Use of Topical sRAGE in Diabetic Wounds Increases Neovascularization and Granulation Tissue Formation

Kelley Wear-Maggitti, James Lee, Alejandro Conejero, Anne Marie Schmidt, Robert Grant, Arnold Breitbart, Joseph M. Serletti, George A. Csank

Research output: Contribution to journalArticle

33 Scopus citations

Abstract

Advanced glycation end products (AGEs) accumulate in diabetic wounds as a result of the glycosylation of various proteins. Interaction of AGEs with the receptor for AGEs (RAGE) results in an exaggerated inflammatory response and compromised collagen production. These changes lead to impaired wound healing. A soluble form of RAGE (sRAGE) has been shown to bind AGEs and thereby blunt their pathogenetic effects. Using genetically diabetic C57BLks-db/db mice, the authors applied sRAGE topically to standardized full-thickness wounds to improve diabetic wound healing. They measured various parameters of wound healing such as neovascularization, reepithelialization, collagen formation, and granulation tissue area. Their results showed a statistically significant increase in granulation tissue area and microvascular density in the sRAGE group compared with untreated wounds. There was a trend toward a smaller epithelial gap in the sRAGE-treated group that did not reach statistical significance. The authors conclude that sRAGE may be a powerful treatment of accelerating diabetic wound healing.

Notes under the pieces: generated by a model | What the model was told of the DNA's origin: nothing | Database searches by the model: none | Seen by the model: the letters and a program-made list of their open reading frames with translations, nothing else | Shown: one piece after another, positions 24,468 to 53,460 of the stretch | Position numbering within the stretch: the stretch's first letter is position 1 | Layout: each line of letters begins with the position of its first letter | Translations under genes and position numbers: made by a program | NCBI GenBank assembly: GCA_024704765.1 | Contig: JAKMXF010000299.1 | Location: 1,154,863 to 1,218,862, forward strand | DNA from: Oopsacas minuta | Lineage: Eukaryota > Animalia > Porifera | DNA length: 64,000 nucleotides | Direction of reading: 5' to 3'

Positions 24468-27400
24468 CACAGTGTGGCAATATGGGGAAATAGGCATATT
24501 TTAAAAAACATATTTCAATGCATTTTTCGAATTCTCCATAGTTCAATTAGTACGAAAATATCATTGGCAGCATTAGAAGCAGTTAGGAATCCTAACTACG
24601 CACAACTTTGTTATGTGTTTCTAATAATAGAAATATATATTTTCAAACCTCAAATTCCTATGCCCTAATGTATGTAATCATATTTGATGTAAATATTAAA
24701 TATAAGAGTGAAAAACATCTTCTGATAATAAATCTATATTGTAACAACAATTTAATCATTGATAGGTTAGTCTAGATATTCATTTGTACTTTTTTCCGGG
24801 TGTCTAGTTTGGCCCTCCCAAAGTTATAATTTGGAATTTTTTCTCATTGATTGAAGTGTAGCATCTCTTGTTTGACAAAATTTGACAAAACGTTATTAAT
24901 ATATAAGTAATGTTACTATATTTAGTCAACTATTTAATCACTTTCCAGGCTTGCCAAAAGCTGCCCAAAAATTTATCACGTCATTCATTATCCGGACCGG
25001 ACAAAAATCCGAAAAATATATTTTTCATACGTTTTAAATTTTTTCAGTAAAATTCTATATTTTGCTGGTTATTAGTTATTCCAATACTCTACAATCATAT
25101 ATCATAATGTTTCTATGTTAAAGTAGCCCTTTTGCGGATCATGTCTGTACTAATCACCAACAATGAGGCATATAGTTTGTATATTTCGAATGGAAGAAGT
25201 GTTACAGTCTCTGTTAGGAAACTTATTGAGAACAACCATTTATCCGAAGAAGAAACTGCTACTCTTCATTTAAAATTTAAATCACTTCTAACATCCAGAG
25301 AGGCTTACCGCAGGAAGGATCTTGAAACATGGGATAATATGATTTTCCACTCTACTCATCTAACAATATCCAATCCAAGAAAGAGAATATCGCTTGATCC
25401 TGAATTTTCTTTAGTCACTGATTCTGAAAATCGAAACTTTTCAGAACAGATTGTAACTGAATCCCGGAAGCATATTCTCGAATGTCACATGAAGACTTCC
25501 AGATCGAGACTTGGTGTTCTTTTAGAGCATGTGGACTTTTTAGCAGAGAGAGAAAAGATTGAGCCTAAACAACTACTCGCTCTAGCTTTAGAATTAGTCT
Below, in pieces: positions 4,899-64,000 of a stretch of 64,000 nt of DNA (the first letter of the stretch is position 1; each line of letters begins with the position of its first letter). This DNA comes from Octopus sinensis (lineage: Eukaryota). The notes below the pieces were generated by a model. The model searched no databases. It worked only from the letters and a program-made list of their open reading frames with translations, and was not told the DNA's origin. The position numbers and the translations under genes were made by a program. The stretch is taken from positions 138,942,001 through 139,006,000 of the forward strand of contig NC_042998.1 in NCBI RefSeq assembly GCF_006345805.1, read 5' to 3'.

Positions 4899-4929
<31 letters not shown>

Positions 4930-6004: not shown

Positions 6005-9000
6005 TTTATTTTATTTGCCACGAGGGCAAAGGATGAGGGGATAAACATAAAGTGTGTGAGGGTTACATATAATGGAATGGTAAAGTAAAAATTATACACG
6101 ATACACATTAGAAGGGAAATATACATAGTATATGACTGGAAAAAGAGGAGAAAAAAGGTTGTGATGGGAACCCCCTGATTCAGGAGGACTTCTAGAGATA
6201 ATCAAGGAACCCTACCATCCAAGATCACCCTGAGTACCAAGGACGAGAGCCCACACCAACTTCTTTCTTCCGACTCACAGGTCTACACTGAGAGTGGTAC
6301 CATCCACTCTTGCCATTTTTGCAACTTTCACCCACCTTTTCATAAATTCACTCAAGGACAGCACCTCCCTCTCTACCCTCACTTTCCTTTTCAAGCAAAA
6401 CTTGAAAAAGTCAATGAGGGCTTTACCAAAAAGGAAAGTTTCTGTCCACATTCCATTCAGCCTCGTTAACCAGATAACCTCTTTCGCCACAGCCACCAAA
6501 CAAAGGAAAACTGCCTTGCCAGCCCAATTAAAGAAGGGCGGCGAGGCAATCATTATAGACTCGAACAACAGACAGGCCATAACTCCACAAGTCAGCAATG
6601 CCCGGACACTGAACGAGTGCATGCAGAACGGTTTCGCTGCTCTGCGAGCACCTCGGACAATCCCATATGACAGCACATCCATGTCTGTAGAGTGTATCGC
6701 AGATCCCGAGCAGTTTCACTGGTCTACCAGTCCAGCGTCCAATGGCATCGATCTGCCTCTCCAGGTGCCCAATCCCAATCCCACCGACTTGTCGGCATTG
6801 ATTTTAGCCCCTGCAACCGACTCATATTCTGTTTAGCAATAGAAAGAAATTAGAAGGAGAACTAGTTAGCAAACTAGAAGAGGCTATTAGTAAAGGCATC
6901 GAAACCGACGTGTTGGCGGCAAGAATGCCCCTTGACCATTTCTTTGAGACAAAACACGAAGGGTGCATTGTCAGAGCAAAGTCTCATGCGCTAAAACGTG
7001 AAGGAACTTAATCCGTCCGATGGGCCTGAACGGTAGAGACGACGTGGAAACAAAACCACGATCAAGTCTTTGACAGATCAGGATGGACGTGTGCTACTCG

Original languageEnglish (US)
Pages (from-to)519-522
Number of pages4
JournalAnnals of Plastic Surgery
Volume52
Issue number5
DOIs
StatePublished - May 1 2004

ASJC Scopus subject areas

  • Surgery

Fingerprint Dive into the research topics of 'Use of Topical sRAGE in Diabetic Wounds Increases Neovascularization and Granulation Tissue Formation'. Together they form a unique fingerprint.

  • Cite this

    Wear-Maggitti, K., Lee, J., Conejero, A., Schmidt, A. M., Grant, R., Breitbart, A., Serletti, J. M., & Csank, G. A. (2004). Use of Topical sRAGE in Diabetic Wounds Increases Neovascularization and Granulation Tissue Formation. Annals of Plastic Surgery, 52(5), 519-522. https://doi.org/10.1097/01.sap.0000122857.49274.8c